Published Wed, Jan 27, 2010 04:52 AM
Modified Wed, Jan 27, 2010 05:06 AM
Mom camps out to get spot in mental ward for son
RALEIGH Salima Mabry watched over her son Tuesday as he slept awkwardly in the chair where he had spent eight days waiting for a bed in a state mental hospital.
Joshua Stewart, 13, is severely autistic and has an IQ of 36. He can only speak in short, single words, such as "Ma" or "hurt."
He first arrived at Wake County's Crisis and Assessment unit for people with mental illness in the back of a squad car on Jan.18 after he attacked his mother and little brother.
The mother and son began a second week in a small interview room with no bed, no television and a single window. There was also no shower. Mabry had been sponging Joshua off over the sink in a public restroom down the hall. In a corner of the room are several plastic shopping bags stuffed with clothes.
"I'm exhausted," she said. "Most people flip out if they have to wait an hour to see the doctor. We've been here eight days. They say we've broken the record for waiting."
Joshua is among thousands of patients within the last year who have languished in emergency rooms or mental health clinics waiting for an open bed in a psychiatric hospital.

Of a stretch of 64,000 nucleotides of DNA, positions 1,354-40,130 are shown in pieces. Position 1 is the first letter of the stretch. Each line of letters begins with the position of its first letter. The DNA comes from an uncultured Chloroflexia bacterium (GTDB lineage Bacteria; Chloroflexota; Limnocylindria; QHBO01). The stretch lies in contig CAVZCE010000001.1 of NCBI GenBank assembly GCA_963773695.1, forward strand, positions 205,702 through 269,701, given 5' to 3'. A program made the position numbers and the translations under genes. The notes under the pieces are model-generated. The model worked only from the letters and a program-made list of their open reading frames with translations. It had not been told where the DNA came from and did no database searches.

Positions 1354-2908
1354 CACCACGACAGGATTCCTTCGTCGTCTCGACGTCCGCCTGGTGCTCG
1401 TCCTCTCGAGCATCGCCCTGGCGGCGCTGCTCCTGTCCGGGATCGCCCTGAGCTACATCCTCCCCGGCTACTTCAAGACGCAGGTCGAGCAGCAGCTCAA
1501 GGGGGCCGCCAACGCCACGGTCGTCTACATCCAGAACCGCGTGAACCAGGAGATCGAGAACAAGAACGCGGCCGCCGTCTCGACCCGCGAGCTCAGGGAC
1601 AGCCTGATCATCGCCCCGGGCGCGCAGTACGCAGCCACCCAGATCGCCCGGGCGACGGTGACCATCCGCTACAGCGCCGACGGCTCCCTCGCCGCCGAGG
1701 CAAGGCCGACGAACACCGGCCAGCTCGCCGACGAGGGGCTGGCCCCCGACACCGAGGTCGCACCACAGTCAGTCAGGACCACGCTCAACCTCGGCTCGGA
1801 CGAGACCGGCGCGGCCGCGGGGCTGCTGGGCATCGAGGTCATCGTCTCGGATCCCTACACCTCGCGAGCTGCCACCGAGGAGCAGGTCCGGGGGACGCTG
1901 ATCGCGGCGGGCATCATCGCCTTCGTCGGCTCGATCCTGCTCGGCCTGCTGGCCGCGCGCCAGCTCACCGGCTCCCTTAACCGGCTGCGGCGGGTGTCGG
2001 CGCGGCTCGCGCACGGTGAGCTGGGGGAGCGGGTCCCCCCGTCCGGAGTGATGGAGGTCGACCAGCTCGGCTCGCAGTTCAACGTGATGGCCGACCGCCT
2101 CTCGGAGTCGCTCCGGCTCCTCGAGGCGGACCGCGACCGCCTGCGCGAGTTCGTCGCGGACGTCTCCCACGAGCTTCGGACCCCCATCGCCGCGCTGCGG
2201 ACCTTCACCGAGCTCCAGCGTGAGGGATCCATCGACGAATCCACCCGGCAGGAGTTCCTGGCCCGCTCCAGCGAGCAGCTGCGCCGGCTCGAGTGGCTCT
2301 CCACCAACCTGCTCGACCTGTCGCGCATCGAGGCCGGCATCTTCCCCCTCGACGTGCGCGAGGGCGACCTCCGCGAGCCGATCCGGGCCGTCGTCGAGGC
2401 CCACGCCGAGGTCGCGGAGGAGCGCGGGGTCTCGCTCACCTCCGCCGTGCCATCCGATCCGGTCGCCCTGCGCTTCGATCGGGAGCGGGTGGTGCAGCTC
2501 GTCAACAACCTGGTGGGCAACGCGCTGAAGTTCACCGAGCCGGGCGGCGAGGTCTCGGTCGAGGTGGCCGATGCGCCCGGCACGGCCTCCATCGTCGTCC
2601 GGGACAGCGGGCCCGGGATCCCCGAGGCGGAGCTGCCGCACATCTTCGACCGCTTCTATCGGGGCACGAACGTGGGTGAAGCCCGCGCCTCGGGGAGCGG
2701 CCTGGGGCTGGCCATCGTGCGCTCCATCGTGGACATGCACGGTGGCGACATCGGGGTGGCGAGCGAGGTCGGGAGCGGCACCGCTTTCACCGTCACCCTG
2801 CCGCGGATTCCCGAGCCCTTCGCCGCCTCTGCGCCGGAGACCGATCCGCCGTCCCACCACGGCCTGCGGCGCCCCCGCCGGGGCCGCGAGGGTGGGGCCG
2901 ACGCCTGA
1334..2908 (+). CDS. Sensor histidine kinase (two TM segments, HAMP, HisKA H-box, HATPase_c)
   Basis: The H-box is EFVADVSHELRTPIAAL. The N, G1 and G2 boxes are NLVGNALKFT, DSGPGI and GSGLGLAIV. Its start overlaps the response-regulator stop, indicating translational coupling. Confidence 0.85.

Years of budget cuts and failed reforms have left North Carolina's mental health system without sufficient resources to care for all those who need help.
The budget Gov. Bev Perdue signed in August cut $155million from an already struggling system, resulting in the loss of 354 jobs at state hospitals.
"Sadly, this young man is just one of many who will be stuck as the cuts to state services really hit home," said Vicki Smith, director of the advocacy group Disability Rights North Carolina. "People aren't getting the help they need; they go into crisis and then require crisis care and hospitalization."
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